If it seems like we have spent the whole time talking about curries, that’s because it’s undeniably a huge part of Sri Lankan cuisine. But there isn’t just one curry, you will find several variations and one that suites your taste. Curry is not usually made in a large batch, instead, a variety of curries are made in small batches. They are prepared with coconut milk and many spices like curry powder, curry leaves, turmeric, and chili. In the end you will have for example a lintel curry, potato curry, and a meat curry in front of you. These curries are then served with a portion of rice.
When it comes to Sri Lankan cuisine, even dishes like curries are traditionally eaten by hand. The components are mixed and tightly pressed together to form a ball shape that sits on top of the rice and can go in your mouth without making a mess. There is usually a small bowl of water next to the plate, so you can occasionally wash your hands. Two of the most classic curries are Parippu and Kukul mas. Parippu is a classic lentil curry and Kukul mas is the Sinhalese chicken curry. If you put these two together, it also results in an incredible combination worthy trying.
Pol Sambol is technically a side dish, but it is often eaten as a main meal. It is so iconic of Sinhalese cuisine that it deserves its own entry. It is prepared from coconut flakes, shallots, and dried pepperoni – preferably spicy – or another option is to use chili powder and lime juice. Sometimes it is also mixed with garlic, or a type of cured fish called Umbalakada.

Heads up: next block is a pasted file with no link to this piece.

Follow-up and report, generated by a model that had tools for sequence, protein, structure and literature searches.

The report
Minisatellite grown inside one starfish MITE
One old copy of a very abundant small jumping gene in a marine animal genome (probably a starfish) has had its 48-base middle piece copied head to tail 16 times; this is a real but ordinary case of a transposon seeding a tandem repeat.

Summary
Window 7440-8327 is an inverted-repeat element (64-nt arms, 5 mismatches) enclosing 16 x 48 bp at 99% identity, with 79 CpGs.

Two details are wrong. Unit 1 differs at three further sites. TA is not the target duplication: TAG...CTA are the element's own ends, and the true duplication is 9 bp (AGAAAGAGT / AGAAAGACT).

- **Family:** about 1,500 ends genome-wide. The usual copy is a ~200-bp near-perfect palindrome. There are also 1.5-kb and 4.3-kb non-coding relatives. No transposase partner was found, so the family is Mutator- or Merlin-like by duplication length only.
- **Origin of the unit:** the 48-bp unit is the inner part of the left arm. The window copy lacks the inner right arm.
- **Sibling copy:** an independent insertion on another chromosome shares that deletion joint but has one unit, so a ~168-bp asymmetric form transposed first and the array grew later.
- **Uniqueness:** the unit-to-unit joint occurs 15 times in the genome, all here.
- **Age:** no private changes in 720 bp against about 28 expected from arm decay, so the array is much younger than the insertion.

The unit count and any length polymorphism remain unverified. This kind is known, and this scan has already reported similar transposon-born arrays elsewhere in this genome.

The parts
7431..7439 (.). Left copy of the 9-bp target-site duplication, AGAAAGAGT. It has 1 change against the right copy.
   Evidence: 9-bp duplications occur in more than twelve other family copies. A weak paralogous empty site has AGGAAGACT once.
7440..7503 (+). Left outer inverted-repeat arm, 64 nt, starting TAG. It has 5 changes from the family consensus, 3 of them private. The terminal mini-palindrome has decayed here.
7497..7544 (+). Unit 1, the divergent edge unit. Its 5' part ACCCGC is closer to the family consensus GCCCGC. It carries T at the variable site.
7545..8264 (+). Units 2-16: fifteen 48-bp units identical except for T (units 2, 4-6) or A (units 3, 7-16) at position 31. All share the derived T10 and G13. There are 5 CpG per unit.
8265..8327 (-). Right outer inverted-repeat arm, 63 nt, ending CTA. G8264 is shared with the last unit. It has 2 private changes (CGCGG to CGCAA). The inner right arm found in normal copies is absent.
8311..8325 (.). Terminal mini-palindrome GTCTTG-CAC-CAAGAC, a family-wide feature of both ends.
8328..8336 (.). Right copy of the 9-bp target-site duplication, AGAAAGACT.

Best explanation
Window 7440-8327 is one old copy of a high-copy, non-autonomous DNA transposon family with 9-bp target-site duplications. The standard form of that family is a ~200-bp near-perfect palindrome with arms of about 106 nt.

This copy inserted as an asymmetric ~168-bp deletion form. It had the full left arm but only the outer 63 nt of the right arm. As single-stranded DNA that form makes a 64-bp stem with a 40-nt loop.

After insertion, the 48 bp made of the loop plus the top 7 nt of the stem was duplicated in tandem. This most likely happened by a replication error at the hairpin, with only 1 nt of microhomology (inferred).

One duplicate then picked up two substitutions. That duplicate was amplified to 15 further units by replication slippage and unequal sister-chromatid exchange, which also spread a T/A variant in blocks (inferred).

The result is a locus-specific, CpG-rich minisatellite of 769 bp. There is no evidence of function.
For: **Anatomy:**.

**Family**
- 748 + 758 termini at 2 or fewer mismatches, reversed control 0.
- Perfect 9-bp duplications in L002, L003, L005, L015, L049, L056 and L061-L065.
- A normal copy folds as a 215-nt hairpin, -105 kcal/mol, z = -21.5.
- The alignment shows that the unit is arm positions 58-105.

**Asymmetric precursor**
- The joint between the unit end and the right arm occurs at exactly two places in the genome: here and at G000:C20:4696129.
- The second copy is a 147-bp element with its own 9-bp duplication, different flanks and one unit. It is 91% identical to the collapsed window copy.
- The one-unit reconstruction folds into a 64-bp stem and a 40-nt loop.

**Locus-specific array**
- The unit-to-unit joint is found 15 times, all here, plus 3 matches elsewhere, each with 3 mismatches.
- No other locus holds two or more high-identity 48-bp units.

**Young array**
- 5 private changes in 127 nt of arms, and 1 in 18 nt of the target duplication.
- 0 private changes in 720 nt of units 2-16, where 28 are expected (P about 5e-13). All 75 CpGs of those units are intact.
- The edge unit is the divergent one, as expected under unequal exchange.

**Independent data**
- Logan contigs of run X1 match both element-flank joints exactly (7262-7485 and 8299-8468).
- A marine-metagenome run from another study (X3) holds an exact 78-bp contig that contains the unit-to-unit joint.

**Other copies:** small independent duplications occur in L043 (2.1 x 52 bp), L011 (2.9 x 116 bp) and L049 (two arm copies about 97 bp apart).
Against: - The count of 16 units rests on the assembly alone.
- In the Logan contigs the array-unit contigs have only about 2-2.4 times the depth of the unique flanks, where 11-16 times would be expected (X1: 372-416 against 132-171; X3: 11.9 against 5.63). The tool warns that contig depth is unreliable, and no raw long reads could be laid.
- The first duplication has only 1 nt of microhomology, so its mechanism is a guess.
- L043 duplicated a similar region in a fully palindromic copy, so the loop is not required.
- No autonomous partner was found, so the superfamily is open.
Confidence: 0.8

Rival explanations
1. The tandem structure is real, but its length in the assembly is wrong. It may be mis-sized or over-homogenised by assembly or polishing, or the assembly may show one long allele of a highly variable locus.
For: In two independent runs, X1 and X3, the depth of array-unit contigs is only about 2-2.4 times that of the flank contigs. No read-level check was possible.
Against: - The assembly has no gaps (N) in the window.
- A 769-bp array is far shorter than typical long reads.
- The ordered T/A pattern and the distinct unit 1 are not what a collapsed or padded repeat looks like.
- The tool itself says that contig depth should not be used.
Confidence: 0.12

Everything is packed together until a flaky mixture is formed. This can then be mixed into the rice. The combination of mild coconut, spicy chili, and sour lime creates a flavor explosion!
“Dumplings” of Sri Lankan cuisine
Shorties or Rolls are another must on your culinary trip through Sri Lanka. At first glance, they might seem to fall out of alignment with the rest of the theme, but it depends on what is inside. These little dumplings are filled with vegetables, meat and eggs, or potatoes and fish depending on your preferences.
Or would you like something sweet? You will also find that at the popular “short eats”. Short eats are the Sinhalese equivalent of Fast Food with influences from China, England, and India. One of the most popular Shorties is Isso Vadai – a lentil patty with shrimp inside and chili sauce over the top.
Kiribath and Lunu Miris
Depending on when you fly to Sri Lanka, you might experience the Sinhalese New Year Festival during the month of April. A traditional New Year’s delicacy is offered here consisting of rice pudding (kiribath) prepared from coconut milk and a savory mixture of chopped onions, chili pepper flakes, salt, and lime. These ingredients are then pounded into a paste (lunu miris). The stark contrast between the spicy paste and mild rice makes this combination very interesting. We know that rice pudding is usually paired with sweet side dishes, therefore this traditional food is a must on our list!